Jul 7, 2010
Barry says world's pandemic response flawed by political missteps
In an assessment of how the world has handled the H1N1 pandemic, historian John M. Barry, author of a widely acclaimed 2004 book on the 1918 pandemic, praised the scientific and medical response but said the arrival of a pandemic that was milder than anticipated threw the world off balance, revealing flaws in some national health systems and in international relations. Barry's analysis appears in the summer issue of World Policy Journal, a publication from the Massachusetts Institute of Technology. He wrote that public health officials have learned many lessons, such as the potential usefulness of a pandemic severity scale and the need for better and faster vaccine technology, from the pandemic response. But he said countries don't seem as willing to learn political lessons from their experience. For example, he wrote that the World Health Organization (WHO) has become a scapegoat for critics of the response, whose charges of pharmaceutical industry influence he called "nonsense." Barry said some countries, out of fear or political reasons and against the advice of global health and agriculture groups, imposed unwarranted trade and travel restrictions. He criticized the United States for backpedaling on a commitment to share vaccine with developing countries, Egypt for slaughtering pigs, Indonesia for underestimating the disease threat, and China for efforts to brand the virus a "foreign disease." Barry wrote that such actions are counterproductive, hurt national credibility, and make the world vulnerable to other disease threats such as H5N1 avian influenza.
'Opt-out' approach may boost flu immunization rates
Automatic scheduling of influenza shots—making vaccination the "default" option—may be an effective way to increase flu vaccination rates in institutional settings, according to a research letter published today in the Journal of American Medical Association (JAMA). To test the approach, researchers at Rutgers University randomly assigned 480 faculty and staff members to "opt-out" or "opt-in" groups. Those in the opt-out group were notified by e-mail that they had been scheduled to receive a flu shot but that they were free to cancel or change the appointment. The opt-in group received an e-mail saying that free flu shots were available and pointing to a Web page where recipients could make an appointment. Those with appointments were sent a reminder 5 days later. The results were that 108 of 239 (45%) people in the opt-out group were vaccinated, versus 80 of 239 (33%) in the opt-in group, a significant 36% increase. Only 18 opt-out participants (8%) canceled their appointments, while 50 opt-in participants (21%) made appointments, and those with appointments were more likely to be immunized than those without. Both approaches give people a choice, but the opt-out approach increases the likelihood of their getting vaccinated, the researchers conclude.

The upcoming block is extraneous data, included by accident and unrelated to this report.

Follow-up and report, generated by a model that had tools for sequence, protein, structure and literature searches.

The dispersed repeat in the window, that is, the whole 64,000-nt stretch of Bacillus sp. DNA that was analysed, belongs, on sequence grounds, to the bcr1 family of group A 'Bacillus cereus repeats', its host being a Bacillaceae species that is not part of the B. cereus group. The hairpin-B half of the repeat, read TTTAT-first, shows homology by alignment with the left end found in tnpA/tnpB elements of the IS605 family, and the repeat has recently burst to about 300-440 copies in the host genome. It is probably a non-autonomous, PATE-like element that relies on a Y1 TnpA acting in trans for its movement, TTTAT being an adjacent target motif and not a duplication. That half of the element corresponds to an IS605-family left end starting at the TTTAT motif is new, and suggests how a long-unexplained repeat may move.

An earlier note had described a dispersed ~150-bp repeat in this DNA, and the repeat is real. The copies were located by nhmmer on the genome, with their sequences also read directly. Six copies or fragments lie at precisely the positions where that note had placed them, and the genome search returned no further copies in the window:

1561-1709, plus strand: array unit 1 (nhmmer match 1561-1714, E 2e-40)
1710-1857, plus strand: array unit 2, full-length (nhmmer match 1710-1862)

Jul 7 JAMA research letter abstract
Global food safety group addresses melamine, fresh greens, seafood
The Codex Alimentarius Commission, the United Nations (UN) food standards group, which met this week in Geneva, has offered new guidance on several food safety issues. The commission issued a ruling limiting melamine content in food, offered guidance on fresh greens and seafood safety, set maximum levels of aflatoxins in Brazil nuts, and established new methods for food sampling and analysis. The melamine limits are designed to help governments distinguish low levels of melamine that get into food during production processes from levels associated with deliberate adulteration, according to a statement from the World Health Organization (WHO), which runs the commission along with the UN Food and Agriculture Organization. Though the melamine standards aren't legally binding, they allow countries to refuse importation of products that contain excessive melamine. The group's new guidance for fresh greens covers production, harvesting, packing, processing, storage, distribution, marketing and consumer education to reduce risks associated with these products. To minimize bacterial contamination in seafood, such as Vibrio in oysters, the commission's new guidance describes how to control the pathogen throughout the food chain.
Jul 6 WHO statement
US efforts help reduce H5N1 risk in more Bangladesh bird markets
A US government agency and its Bangladeshi partners yesterday launched new efforts to decrease the risk of H5N1 avian influenza at live bird markets in Bangladesh, according to a press release from the US State Department. Funded by the US Agency for International Development (USAID), the STOP AI (Stamping Out Pandemic and Avian Influenza) Bangladesh project started conducting cleaning and disinfection at a live bird market in Sreepur in the country's Gazipur district. USAID collaborated with local and market officials to develop a plan to prevent the spread of H5N1 in birds and people. Improvements include renovating the water supply and adding a proper waste-disposal facility and a slaughterhouse. USAID had previously piloted cleaning and disinfection programs at two markets in Dhaka, which led to a program expansion that upgraded 19 more markets in Gazipur and Dinajpur districts.
Jul 6 US State Department press release